Nobel Prize for Physiology or Medicine: Who Are James P Allison and Tasuku Honjo and How Did They Revolutionise Cancer Treatment?

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Dr Allison and Dr Honjo’s joint efforts showcases how different strategies immunology can come together in treating cancer.

The Nobel Prize for Physiology or Medicine is awarded every year to those who make outstanding contributions in the field of life sciences and medicine. This year, two leading immunologists with a formidable reputation in their respective fields, took home the title for their work in inhibiting negative immune regulations for the treatment of cancer.  Dr James P Allison and Dr Tasuku Honjo have been honoured with the distinction this year. Here's looking into the accomplishments of the two.

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James P Allison

Dr James P Allison is an American immunologist, who chairs the department of immunology and is the executive director of immunotherapy platform at the MD Anderson Cancer Center. Born on August 7, 1948, Dr Allison’s discoveries have led to breakthroughs in the treatment of the deadliest of cancers. 10 Facts About Cancer You Need to Know by World Health Organization (WHO).

He has spent a large part of his career studying devising strategies to fight cancer by studying the regulation of T cell responses in the human body. His previous discoveries on the T cell receptor structure was a revolution in the field of cancer therapy.

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Dr Allison believed that for treating cancer, it is important to treat the immune system instead of a tumour. By empowering the human immune system, the body’s natural defences can put up a fight against cancer. His path-breaking approach to treat the diseases not only helped improve the treatment of cancer, but also helped the patient holistically.

Dr Tasuku Honjo

Dr Tasuku Honjo is a Japanese immunologist and the Professor of the Department of Immunology and Genomic Medicine at the Kyoto University. Dr Honju’s area of expertise is the identification of Programmed Cell Death Protein 1 (PD-1) in cancer immunotherapy. He’s also credited with establishing the basic conceptual framework of class switch recombination.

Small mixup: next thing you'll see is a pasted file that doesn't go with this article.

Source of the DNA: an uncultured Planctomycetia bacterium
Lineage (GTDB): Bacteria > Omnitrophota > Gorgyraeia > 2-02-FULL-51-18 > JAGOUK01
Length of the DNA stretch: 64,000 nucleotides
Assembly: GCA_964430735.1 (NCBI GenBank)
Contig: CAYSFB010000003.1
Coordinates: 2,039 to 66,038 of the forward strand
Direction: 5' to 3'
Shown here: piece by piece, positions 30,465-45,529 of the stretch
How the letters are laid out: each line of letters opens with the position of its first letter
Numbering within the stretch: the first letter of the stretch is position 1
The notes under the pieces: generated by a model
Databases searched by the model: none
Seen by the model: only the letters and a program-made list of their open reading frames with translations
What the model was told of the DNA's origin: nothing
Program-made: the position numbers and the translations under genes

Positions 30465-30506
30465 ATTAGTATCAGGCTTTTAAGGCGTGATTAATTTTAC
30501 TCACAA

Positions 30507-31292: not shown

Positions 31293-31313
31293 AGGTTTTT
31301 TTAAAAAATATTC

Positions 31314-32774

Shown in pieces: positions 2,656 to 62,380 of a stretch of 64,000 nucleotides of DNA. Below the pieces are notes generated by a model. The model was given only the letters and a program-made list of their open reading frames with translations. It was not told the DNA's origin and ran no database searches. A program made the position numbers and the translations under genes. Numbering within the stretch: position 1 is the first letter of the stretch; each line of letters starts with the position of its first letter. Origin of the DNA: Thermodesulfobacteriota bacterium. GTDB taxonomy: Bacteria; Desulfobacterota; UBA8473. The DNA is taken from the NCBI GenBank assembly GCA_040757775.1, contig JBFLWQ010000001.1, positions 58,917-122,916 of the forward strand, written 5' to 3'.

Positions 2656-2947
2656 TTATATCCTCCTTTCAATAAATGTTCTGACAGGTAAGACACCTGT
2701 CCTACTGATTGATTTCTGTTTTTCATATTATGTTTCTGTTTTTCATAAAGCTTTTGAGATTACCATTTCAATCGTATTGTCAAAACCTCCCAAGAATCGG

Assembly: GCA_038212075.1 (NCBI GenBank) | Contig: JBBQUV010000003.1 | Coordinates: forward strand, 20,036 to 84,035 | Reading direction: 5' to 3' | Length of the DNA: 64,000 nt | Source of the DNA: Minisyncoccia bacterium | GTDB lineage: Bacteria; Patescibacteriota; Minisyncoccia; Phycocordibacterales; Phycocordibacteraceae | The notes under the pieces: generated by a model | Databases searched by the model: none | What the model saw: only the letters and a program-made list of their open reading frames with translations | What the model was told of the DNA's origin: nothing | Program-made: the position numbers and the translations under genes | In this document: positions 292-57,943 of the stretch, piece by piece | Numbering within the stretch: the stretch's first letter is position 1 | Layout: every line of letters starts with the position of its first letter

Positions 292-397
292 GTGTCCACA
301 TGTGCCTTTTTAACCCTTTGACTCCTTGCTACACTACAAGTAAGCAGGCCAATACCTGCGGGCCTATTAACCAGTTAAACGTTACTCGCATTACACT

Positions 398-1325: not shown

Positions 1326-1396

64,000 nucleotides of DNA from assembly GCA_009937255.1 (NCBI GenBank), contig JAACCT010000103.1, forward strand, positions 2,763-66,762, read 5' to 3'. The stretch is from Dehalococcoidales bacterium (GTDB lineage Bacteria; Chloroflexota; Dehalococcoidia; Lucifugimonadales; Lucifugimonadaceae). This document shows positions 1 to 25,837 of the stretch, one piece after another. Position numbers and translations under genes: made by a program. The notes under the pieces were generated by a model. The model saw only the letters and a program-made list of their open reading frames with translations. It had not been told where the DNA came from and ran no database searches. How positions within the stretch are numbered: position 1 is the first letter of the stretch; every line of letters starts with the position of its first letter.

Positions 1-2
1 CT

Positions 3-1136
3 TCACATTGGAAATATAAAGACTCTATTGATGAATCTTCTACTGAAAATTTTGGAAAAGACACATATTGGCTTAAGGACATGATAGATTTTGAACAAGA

For his contributions to the field of immunology, Dr Honjo has won many awards, including the Imperial Prize, Japan Academy Prize, Robert Koch Prize and the Kyoto Prize. He has been honoured by the Japanese Government as a person of cultural merits.

Dr Honjo’s profile at Kyoto University’s website describes him as a “quiet man” who has a deep fascination to unravel mysteries. He is fascinated by immunology and prides the fact that we are living at a time where molecular biology has been thriving.

How The Two Led To a Revolution in Cancer Treatment

Dr Allison was awarded the Nobel Prize for his research on a protein that functions as a brake on the immune system. His path-breaking discovery was realising how releasing this break would help unleash the immune cells, which would then attack the tumours.

At the same time, Dr Honjo a protein on immune cells that also operates as a break, but with a different mechanism. The cancer therapies that were based on his findings proved to be very effective in treating cancer.

Both Dr Allison and Dr Honjo’s joint efforts showcased how different strategies can be used to inhibit the brakes on the human immune system, which can then help in the effective treatment of cancer. Their joint discovery has been path-breaking in the treatment of cancer.